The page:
Background: Physician disclosure of medical errors to institutions, patients, and colleagues is important for patient safety, patient care, and professional education. However, the variables that may facilitate or impede disclosure are diverse and lack conceptual organization.
Objective: To develop an empirically derived, comprehensive taxonomy of factors that affects voluntary disclosure of errors by physicians.
Design: A mixed-methods study using qualitative data collection (structured literature search and exploratory focus groups), quantitative data transformation (sorting and hierarchical cluster analysis), and validation procedures (confirmatory focus groups and expert review).
Results: Full-text review of 316 articles identified 91 impeding or facilitating factors affecting physicians' willingness to disclose errors. Exploratory focus groups identified an additional 27 factors. Sorting and hierarchical cluster analysis organized factors into 8 domains. Confirmatory focus groups and expert review relocated 6 factors, removed 2 factors, and modified 4 domain names. The final taxonomy contained 4 domains of facilitating factors (responsibility to patient, responsibility to self, responsibility to profession, responsibility to community), and 4 domains of impeding factors (attitudinal barriers, uncertainties, helplessness, fears and anxieties).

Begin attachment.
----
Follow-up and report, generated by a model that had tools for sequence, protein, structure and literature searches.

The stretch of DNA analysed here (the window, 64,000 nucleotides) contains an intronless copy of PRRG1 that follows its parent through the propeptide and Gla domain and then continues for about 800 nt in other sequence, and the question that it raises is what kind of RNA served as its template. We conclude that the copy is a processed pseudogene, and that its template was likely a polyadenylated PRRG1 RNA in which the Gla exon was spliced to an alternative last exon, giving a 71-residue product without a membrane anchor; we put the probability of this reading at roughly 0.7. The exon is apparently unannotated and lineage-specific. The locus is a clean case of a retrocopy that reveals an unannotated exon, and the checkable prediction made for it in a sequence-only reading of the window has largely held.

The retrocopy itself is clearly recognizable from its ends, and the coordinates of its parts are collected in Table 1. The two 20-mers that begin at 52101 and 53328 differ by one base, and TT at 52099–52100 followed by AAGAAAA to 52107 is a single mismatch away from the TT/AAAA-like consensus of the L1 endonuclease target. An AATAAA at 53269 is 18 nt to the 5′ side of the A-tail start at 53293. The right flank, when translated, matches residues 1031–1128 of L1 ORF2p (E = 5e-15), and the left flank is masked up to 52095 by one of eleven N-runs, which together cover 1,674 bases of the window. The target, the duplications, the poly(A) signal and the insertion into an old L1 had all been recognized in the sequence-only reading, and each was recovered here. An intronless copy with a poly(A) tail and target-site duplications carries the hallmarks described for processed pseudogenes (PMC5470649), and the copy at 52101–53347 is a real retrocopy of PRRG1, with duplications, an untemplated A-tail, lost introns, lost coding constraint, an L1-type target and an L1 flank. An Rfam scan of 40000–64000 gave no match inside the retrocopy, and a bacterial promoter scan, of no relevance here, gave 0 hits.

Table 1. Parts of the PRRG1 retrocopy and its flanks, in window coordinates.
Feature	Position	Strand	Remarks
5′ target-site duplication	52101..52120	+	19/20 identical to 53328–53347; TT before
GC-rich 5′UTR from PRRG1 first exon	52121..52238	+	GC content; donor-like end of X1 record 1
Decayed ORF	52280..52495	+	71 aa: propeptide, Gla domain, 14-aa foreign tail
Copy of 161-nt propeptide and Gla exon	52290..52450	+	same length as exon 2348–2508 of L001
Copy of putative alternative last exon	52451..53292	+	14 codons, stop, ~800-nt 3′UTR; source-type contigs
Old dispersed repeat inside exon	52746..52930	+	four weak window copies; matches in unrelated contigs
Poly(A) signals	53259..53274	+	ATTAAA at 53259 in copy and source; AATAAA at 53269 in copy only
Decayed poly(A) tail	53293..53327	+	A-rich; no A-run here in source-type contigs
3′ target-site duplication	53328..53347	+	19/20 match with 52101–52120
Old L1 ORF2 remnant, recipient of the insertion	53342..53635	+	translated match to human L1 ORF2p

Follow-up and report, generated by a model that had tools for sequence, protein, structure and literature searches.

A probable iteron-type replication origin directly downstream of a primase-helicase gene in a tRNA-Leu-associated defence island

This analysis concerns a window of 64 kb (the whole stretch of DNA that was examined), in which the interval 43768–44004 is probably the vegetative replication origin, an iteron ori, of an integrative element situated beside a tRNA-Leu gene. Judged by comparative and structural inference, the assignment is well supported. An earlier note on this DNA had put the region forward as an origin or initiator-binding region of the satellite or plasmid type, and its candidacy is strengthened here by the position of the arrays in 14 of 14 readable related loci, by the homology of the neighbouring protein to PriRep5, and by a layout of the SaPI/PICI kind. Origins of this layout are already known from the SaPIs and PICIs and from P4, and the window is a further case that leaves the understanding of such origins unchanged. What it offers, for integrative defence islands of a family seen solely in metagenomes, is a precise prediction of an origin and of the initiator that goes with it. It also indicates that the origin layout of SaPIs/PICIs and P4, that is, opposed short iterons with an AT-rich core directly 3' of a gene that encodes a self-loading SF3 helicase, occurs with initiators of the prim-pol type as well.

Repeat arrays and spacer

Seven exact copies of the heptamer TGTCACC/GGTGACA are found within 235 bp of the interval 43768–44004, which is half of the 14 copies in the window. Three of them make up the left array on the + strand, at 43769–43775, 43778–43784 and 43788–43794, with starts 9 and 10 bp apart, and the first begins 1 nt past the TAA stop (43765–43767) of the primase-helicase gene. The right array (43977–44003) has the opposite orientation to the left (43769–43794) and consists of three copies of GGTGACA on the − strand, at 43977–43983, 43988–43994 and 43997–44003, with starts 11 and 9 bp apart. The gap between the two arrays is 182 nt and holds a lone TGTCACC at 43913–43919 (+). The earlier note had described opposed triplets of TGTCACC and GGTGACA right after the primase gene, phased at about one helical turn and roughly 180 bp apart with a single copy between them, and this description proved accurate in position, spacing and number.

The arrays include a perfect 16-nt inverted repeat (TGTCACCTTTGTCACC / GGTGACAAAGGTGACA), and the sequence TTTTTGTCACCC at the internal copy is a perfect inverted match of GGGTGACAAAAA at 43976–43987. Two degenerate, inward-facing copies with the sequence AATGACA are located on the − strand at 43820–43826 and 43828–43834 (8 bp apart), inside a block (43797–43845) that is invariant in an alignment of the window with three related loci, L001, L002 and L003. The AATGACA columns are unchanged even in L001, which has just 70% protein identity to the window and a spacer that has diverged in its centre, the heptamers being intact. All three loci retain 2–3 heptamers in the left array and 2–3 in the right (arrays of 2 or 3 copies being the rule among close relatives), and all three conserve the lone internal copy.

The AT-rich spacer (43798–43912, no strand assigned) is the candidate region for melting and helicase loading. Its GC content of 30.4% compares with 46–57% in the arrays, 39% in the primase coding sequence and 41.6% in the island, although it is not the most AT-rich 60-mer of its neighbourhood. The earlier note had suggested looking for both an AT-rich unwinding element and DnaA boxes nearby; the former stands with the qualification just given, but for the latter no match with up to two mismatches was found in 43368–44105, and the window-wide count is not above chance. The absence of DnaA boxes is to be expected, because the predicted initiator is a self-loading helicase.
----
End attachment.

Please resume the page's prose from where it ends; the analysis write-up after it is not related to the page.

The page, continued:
Conclusions: A taxonomy of facilitating and impeding factors provides a conceptual framework for a complex field of variables that affects physicians' willingness to disclose errors to institutions, patients, and colleagues. This taxonomy can be used to guide the design of studies to measure the impact of different factors on disclosure, to assist in the design of error-reporting systems, and to inform educational interventions to promote the disclosure of errors to patients.